Tag Archives: farming

Family Farms Then, Farm Food Now

I found this photograph with some old family things and wondered who the white-bearded gentleman might be. He showed up wearing overalls in another photo taken with my great-grandparents, Noah and Mabel Short, and three of their six sons. From the North Dakota license plate and the house front pose, it looked like an out-of-state family visit by car, making me suspect the distinguished looking man was my great-great-grandfather, George Washington Short, and his second wife, Flora, who lived outside Stillwell, Indiana. When I sent my great-aunt the photos, she agreed the man with the trim white beard must be her grandfather, GW.

Next I spotted George Washington in a group photo with Mabel and Noah holding their two oldest boys before they left Indiana for North Dakota in 1907. The building looks like the church near the cemetery where my great-great-grandfather is buried, a photo I found later on find-a-grave.com. Noah and Mabel are just left of the photo’s center. Can you find GW on the right next to Flora?

And then GW and Flora appeared again in another photo taken at a house with a fancy porch, probably another church gathering. I recognized the young woman next to Flora as their daughter Pansy, who I had seen in a photo from her 1915 visit to Noah and Mabel in North Dakota. I also figured out that the handsome young man with the mustache in both photos was probably Noah’s brother Frederick Pershing Short, the “Pershing” for their mother Mary McBroom, who was third cousin to the General John J. Pershing.

Recently, I met a first cousin twice-removed through ancestry.com (first cousin twice-removed means she was my grandfather’s cousin). Our DNA tests matched, so we contacted each other to share what we know. I sent this newly found cousin my photos of George Washington and she affirmed I was right in my guess. Her father was GW’s youngest son, Welcome. I was thrilled to think this cousin had known my great-great-grandfather when she was a child, but the timing seemed odd since my own grandfather Russell, her cousin, has been gone a long time. That’s because she is descended from the second, younger part of GW’s family with Flora Dennie and I am from the first, older part with Mary McBroom. After my great-great-grandmother died young, GW remarried, creating two separate families, with my side moving to North Dakota in 1907, which was where my grandfather was born.

With the help of my expert genealogy friend, a little more research uncovered that at 16, George Washington Short left his home in Indiana to serve in the Civil War. In 1864, he was wounded in the battle of Murfreesboro, Tennessee, and was discharged after the war ended in 1865. He saw a bit of the world for a young man of his time, but when he came home, he bought some land for himself. A photo from my new cousin put it all in place. Here was George Washington in work shirt and suspenders on his farm. In the background you can see an earlier view of the barn in my first picture.

George Washington Short became a farmer, just like his father, Silas Short, and his grandfather, Curtis Short in Sussex, Delaware, before him. That’s as far back as my records go. But the farming lineage reaches forward to GW’s son Noah, his son Russell, and—although he left the farm to become a surveyor—my father, Robert Short. The census records don’t say “farmer” next to their names, but my paternal grandmothers were farmers, too, from Hannah (last name unknown), Mary Ann Thompson, and Mary McBroom to Mabel Amor and Olga Jacobson, my grandmother. Farmers are also on my maternal side, but that’s another story.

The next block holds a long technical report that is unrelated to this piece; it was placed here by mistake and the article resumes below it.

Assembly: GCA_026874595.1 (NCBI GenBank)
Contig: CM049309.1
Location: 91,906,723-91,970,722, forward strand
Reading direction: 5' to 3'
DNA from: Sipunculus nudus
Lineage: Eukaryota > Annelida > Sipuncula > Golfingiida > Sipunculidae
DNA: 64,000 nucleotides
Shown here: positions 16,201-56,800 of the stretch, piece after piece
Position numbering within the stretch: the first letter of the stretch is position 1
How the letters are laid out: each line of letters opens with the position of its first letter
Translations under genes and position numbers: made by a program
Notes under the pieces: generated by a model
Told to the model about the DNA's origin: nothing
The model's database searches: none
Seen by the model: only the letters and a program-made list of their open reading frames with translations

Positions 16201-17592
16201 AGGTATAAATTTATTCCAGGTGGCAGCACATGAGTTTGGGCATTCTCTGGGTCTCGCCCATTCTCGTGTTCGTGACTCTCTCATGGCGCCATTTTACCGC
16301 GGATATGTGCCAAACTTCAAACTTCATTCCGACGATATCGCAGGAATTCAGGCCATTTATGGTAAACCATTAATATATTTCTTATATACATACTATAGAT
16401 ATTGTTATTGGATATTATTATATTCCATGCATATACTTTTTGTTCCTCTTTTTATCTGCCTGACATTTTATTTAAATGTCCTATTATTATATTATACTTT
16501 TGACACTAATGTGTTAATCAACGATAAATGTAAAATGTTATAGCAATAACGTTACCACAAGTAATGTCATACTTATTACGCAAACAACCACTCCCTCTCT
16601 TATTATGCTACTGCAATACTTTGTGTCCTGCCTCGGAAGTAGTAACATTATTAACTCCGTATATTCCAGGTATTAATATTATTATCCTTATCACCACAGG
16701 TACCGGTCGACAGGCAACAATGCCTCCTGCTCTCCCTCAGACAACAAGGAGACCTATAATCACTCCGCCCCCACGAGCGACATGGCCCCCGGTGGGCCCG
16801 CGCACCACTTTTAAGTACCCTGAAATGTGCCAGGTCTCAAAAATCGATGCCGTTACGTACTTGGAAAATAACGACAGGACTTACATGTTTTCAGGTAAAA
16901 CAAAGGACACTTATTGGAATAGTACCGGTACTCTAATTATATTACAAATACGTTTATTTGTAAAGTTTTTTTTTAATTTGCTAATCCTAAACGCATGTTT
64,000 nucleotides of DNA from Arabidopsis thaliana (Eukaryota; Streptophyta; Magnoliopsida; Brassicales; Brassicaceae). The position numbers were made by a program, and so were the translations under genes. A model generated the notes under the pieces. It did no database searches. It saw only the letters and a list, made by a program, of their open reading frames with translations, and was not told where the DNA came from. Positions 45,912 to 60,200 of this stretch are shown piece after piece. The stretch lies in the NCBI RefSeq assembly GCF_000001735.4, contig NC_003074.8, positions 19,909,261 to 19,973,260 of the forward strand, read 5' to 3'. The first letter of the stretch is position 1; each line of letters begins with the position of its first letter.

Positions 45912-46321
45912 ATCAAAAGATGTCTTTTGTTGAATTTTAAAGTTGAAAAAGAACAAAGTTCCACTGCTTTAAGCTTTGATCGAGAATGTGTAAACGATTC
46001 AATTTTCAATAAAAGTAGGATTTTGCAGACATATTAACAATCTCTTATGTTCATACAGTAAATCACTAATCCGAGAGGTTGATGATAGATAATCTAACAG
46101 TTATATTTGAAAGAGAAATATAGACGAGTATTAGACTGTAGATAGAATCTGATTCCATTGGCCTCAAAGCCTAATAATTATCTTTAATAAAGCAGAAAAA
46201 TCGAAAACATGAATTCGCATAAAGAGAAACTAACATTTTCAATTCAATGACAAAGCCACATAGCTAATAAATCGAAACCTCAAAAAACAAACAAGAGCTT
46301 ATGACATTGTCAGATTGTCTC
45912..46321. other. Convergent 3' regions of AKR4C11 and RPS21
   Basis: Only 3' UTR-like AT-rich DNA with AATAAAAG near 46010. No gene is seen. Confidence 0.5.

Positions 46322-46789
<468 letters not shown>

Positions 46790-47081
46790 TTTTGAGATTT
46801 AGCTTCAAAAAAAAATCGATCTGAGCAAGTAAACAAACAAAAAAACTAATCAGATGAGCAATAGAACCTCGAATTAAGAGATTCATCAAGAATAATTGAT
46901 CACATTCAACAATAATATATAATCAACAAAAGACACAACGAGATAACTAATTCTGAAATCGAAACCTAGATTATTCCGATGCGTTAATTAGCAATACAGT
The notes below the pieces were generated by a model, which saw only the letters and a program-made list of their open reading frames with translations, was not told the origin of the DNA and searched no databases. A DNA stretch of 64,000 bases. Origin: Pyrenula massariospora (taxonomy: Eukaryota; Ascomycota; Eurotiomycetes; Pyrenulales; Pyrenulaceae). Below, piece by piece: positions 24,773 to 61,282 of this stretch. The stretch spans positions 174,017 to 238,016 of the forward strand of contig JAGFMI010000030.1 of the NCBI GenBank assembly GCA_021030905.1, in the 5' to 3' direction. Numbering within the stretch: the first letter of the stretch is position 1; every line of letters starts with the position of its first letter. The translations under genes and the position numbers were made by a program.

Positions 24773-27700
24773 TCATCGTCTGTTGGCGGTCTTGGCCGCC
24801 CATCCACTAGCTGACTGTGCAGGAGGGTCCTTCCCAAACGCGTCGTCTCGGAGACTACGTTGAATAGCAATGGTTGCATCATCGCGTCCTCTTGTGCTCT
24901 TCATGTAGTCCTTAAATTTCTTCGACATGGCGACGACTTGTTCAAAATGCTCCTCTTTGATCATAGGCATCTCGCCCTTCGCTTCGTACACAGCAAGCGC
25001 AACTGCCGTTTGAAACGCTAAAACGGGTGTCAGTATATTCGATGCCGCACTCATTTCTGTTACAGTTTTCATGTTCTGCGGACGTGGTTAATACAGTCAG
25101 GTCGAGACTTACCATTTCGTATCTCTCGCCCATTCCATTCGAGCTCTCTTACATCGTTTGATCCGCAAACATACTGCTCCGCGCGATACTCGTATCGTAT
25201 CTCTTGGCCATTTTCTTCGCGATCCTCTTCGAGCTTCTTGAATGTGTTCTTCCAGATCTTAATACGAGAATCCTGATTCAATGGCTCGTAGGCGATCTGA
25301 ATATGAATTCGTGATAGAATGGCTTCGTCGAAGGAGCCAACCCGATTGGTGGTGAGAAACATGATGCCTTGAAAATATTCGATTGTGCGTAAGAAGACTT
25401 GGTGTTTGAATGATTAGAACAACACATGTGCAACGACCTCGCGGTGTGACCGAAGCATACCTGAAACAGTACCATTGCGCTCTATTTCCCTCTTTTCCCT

This story about George Washington Short has gotten me thinking about farming today. In GW’s time and before, farms and farming knowledge passed from generation to generation in this country because the majority of the population lived on family farms. They grew and ate their own food and sold crops when they could. Their land was not just where they lived but where they made their living.

I found GW’s land at the northwest intersection of two roads in section 14 of a 1921 plat for Pleasant township, LaPorte county, Indiana. Seeing his name on that plat gave me another thrill. Now I could picture the land that held that big barn and fences around fields on which he grew crops and raised livestock and Flora kept a big garden to feed her family of seven.

Today, food barely comes from a farm, not when you consider all the processing and packaging that happens before we eat it. Farms and farmland are shrinking, both from loss of land to development and from consolidation of farms into bigger, corporate-owned businesses. Food is big business—but it’s not the kind of food my great-great-grandparents or even my parents ate when they were young.

To get a sense of the food industry today, take a look at how much of your food dollars goes to farmers—a mere 8.6%. And from that, farmers pay the costs of production, including farm laborers, seeds, insurance (a big chunk), irrigation, machinery, and structures. The rest of your food dollar goes to stuff you probably rarely think about when you sit down to a meal, like transportation, packaging, advertising and the costs of retail and trade services that get your food from the field to your plate.